Three Links of Chain by Dennis Maley
ARC, Paperback, 250 pages
July 7, 2015
Genre: Historical Fiction, Young Adult
Source: Received a copy from the publisher for review
Blanche thinks he has it good. He has risen above the field hands to a position helping run a printing press. He's well fed, never physically mistreated, and he has taught himself to read, though he keeps the illicit skill a secret. Most importantly, he has been promised a chance at emancipation. Then, in a single bloody morning, his world is overturned, his master lies dead, and the widow has no intention of following through with her husband's promise to free Blanche.
Blanche would never have considered running away from his old life, but faced with the prospect of being sold as a laborer or worse, he forges his free papers and flees north, a fugitive, to create his own future. Only a few steps ahead of the slave catchers, he travels hundreds of miles across the violent backdrop of “bleeding Kansas” in the 1850s, a land torn by apart by two very different visions of humanity.
This richly researched work of fiction weaves actual historical characters and institutions into the gripping story of a young man born into slavery but resolute in his quest for freedom.
Although American history is my favorite location/period to read, the time surrounding the Civil War has never been one of particular interest to me. I was interested in Three Links of Chain because I wanted to see how an issue as heavy and dark as slavery and the Underground Railroad would be handled in a novel aimed at a young adult audience. And overall, I was rather impressed with this book.
One of the aspects that caught and held my attention was that despite the short length of 250 pages, it had the feel of a much longer epic journey. I will compare it in many ways to the travails that Odysseus faces in the Odyssey. Every time Blanche escapes one hardship he lands square in the middle of another, even worse, situation. He has to keep persevering in an attempt to attain his ultimate goal. At many times he questions if he is taking the right action or if he should turn back to some easier end point. I think that the epic adventure quality will be quite successful with younger readers as they get caught up in Blanche’s journey.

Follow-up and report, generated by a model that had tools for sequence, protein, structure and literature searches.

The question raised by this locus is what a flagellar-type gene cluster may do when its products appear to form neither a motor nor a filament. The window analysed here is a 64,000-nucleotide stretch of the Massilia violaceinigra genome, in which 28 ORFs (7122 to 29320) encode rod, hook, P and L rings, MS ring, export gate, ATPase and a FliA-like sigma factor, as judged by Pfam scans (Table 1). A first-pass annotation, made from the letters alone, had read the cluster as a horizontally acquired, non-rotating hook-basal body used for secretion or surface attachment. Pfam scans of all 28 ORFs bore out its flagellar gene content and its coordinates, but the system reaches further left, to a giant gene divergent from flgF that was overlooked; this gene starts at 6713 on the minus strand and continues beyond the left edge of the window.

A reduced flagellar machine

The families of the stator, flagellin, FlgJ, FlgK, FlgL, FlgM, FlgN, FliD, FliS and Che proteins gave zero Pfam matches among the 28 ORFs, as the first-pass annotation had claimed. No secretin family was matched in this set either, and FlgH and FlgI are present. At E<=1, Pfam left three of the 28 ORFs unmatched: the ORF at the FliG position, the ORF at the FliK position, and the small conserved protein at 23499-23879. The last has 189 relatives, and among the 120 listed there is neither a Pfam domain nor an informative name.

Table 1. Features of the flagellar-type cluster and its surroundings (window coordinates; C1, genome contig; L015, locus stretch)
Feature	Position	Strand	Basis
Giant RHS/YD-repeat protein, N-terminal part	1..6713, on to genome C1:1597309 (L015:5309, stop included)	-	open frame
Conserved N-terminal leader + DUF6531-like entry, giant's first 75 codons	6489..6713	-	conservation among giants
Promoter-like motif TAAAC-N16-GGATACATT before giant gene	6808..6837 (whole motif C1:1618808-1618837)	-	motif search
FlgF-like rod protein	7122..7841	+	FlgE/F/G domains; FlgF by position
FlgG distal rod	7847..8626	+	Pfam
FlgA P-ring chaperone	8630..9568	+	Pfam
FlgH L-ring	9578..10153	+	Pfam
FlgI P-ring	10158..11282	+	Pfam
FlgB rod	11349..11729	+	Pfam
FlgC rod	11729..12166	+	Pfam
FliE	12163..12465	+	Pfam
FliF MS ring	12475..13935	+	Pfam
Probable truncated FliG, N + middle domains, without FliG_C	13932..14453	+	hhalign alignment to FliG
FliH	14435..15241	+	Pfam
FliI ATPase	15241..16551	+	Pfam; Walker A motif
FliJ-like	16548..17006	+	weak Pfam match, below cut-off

The history of the time period (Underground Railroad, Bleeding Kansas, life of slaves on the western frontier) was well integrated into the narrative. The Underground Railroad portion of the story highlights how dangerous it was, whereas I think a lot of novels make it feel a little more glamorous. There was the dangers of trying to walk that line between questioning and trusting the folklore, signs, and people whose hands they were putting their lives. That balance was well achieved as Blanch moved forward; he grew from complete naiveté to someone with a little more experience under his belt. In the early chapters there is the juxtaposition of how Blanche holds himself above those of the field hands because he knows how to read and then how little he really understands about the workings of the greater world.
There was only one place the fell a little flat for me and that was the opening chapter. This was a little unfortunate because it almost made me put it down. The first chapter is set in and around an outhouse. And while I have no issues with that per se, and it was an interesting gimmick, it felt very weird to me. It was more like you shouldn’t be there and I’m pretty sure that wasn’t the feel the author was going for because you were very distinctly supposed to be there. It just felt out of place and it pulled me out of the narrative. If the chapter had been a little further into the narrative, I don’t think I would have had as much issue with it, but as an introduction I found it awkward. However, it might grab the attention of young adults better than adults, I don’t know.
If you would like to preview the story before reading it, why not try out this excerpt of the book?
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